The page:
An infection in the uterus generated by various factors can produce pyometra, a disease suffered by dogs and cats in reproductive age and that can become fatal if not treated in time, hence the importance of acting urgently at the time it is detected .

This condition can also occur in ferret, rabbit and guinea pig females, although less frequently. It usually occurs after heat, when progesterone levels are higher and usually causes future kidney problems to the specimens who suffer from it.

Pyometra: an infectious hormonal disease

Pyometra is an infectious hormonal disease of the uterus and whose development, despite being known for many years, is still a subject of study by scientists. Although this pathology is caused by the presence of bacteria, it is known that progesterone and estrogen play a preponderant role in the development of this condition.

Various tests performed on the uterine tissue of infected animals show the presence of bacteria that are usually found in the vagina or intestines, so it is considered an ascending infection that comes from the vagina, fecal contamination or a simultaneous urinary infection.

However, during the luteal phase of the animal’s reproductive cycle or heat, progesterone reaches very high levels in the blood, considering it as the main responsible for the pathology.

In addition to compromising the female’s reproductive capacity, the pyometra can also be lethal to the animal. Its prevalence is very high in middle-aged and adult females, as well as in the younger ones who have received some type of hormonal treatment.

In this way, pyometra is produced as a result of a considerable increase in progesterone levels, which develops hyperplastic changes in the mucous membrane that lines the uterine cavity, favoring secondary bacterial contamination.

In the vast majority of cases, the agent that causes the infection is the enterobacteria Esterichia coli, while staphylococci and streptococci are involved to a lesser extent. In young females, the exogenous administration of estrogens or progestogens can also boost the onset of this disease.

Classification and diagnosis of the disease

Taking into account the local clinical signs, pyometra can be classified into two types; the pyometra with a closed neck, in which vulvar discharge is not observed because the cervix is kept closed and is usually accompanied by abdominal distension; and the pyometra with an open neck, in which vulvar discharge is observed continuously or intermittently due to the permeability of the cervix

Also, it is possible to classify the disease according to its evolution, which can be acute, associated with septicemia and that causes death in a very short time, although it is not the most common; or chronic, which is the most frequent and has acute renal failure as its most serious complication, which can also cause the death of the animal.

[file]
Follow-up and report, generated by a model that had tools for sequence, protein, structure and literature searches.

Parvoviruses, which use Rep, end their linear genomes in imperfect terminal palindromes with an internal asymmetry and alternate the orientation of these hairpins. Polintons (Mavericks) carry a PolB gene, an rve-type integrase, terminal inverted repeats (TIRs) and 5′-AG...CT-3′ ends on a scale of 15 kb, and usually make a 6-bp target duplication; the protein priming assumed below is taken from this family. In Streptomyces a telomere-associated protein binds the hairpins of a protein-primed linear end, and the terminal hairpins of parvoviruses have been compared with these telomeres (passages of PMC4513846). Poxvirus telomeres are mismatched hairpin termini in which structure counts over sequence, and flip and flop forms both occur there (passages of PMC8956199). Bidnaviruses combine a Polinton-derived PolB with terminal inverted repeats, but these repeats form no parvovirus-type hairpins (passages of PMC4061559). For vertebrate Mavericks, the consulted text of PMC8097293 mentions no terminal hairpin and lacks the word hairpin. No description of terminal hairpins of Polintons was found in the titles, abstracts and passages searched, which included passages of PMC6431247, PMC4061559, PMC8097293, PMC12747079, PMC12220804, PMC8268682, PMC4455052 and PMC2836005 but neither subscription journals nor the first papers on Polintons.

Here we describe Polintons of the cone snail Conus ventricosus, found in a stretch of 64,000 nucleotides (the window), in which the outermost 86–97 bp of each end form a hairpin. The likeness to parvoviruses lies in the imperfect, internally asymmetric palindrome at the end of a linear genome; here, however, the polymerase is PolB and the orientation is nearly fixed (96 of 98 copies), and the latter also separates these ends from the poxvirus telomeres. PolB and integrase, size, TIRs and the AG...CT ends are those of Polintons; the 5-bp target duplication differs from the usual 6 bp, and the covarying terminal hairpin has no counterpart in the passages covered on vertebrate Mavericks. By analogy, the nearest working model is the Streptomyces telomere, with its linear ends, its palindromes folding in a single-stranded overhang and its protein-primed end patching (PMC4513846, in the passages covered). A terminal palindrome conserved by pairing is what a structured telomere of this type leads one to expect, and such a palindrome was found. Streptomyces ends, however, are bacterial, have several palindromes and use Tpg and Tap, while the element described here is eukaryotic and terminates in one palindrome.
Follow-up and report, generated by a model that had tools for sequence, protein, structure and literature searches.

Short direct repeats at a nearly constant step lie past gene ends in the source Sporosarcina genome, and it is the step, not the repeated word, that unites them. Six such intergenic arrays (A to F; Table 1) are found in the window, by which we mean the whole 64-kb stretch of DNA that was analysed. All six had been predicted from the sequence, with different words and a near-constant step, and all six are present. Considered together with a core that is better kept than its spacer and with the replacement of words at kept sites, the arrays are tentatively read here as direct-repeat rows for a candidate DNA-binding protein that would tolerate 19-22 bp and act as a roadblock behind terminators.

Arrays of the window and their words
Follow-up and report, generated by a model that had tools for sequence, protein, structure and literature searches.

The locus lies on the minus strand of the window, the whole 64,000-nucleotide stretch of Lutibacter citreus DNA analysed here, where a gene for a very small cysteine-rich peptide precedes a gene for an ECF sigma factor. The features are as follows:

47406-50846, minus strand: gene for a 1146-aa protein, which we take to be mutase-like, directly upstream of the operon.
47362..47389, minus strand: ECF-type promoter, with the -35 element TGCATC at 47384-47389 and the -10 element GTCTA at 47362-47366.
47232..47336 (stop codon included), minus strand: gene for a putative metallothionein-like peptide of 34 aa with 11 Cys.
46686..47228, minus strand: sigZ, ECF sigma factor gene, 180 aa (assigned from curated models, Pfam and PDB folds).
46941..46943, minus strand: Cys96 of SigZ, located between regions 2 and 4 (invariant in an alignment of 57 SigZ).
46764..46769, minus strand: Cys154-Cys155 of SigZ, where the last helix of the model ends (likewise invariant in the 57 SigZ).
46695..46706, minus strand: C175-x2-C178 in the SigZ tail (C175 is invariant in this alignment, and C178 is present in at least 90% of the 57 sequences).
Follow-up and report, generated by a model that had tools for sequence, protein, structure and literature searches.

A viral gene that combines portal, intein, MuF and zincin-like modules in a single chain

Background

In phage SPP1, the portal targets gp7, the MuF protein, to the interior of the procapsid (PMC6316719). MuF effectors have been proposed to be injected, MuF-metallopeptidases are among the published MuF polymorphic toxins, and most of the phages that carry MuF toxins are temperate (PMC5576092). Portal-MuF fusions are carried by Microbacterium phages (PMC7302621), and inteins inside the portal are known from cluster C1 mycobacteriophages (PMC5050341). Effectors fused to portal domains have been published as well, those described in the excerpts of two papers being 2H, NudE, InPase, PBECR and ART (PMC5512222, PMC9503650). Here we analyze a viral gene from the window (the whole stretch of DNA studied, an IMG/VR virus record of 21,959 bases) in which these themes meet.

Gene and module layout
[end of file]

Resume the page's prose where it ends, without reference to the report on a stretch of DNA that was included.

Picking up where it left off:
To make a proper diagnosis, the veterinarian takes into account the status of the affected female, which is usually found in the final stage of heat, called the right-handed phase. In addition, consider whether there is a history of estrogen or progestogen administration.

Some of the characteristic clinical signs of the disease are:

  • Dejection.
  • Anorexy.
  • Dilated abdomen.
  • Considerable increase in thirst.
  • Vulvar discharge.
  • Excessive urination.

Physical examination and some complementary tests such as taking radiographic plates, ultrasound and hematology, can help to obtain a definitive diagnosis of this disease.

If there is an associated renal condition, the prognosis of pyometra is very serious, so it is essential to evaluate the levels of urea and creatinine.

Pyometra treatment

Surgery is the traditional treatment of this condition, which represents the end of the female’s reproductive life. However, at present there is a medication-based treatment that avoids the surgical procedure, although its effectiveness is conditioned by the level of severity of the condition, the age of the female or the presence of another concurrent disease.

Pharmacological treatment, which consists of the administration of prostaglandins and antibiotics, presents favorable results only after 48 hours of initiation, which is why it is not recommended in the most serious cases; In addition, it brings with it some side effects such as tremor and excessive salivation, although its appearance will depend on the dose, route and frequency of administration.

In case it is not possible to opt for pharmacological treatment or this has not provided the desired results, the veterinarian will propose the surgical alternative, the latter being the only possible option to treat adult bitches or when the disease status is serious.

The surgery involves the removal of the uterus and ovaries and is considered the safest solution, representing the most used treatment in most cases. During the postoperative period, the signs of infection must be monitored in order to avoid any complications in the animal’s health.

When the surgical procedure has been performed in time, the evolution of the animal is favorable, however, according to certain factors such as the disease status or the age of the female, there is a possibility that the pet does not support the surgery and die during the procedure or in the postoperative period.

Also, we must consider that it is usual for females who have suffered pyometra to suffer from renal failure for life, a condition that must be controlled by the veterinarian.

Because of its condition as a serious infectious disease, it is essential that the pyometra be detected in time, in order to safeguard the animal’s health; Thus, before the first suspicions, it is recommended to take it as soon as possible to a veterinary review. In addition, it is advised to use only contraceptive medications in females and perform early sterilization when they do not want to have offspring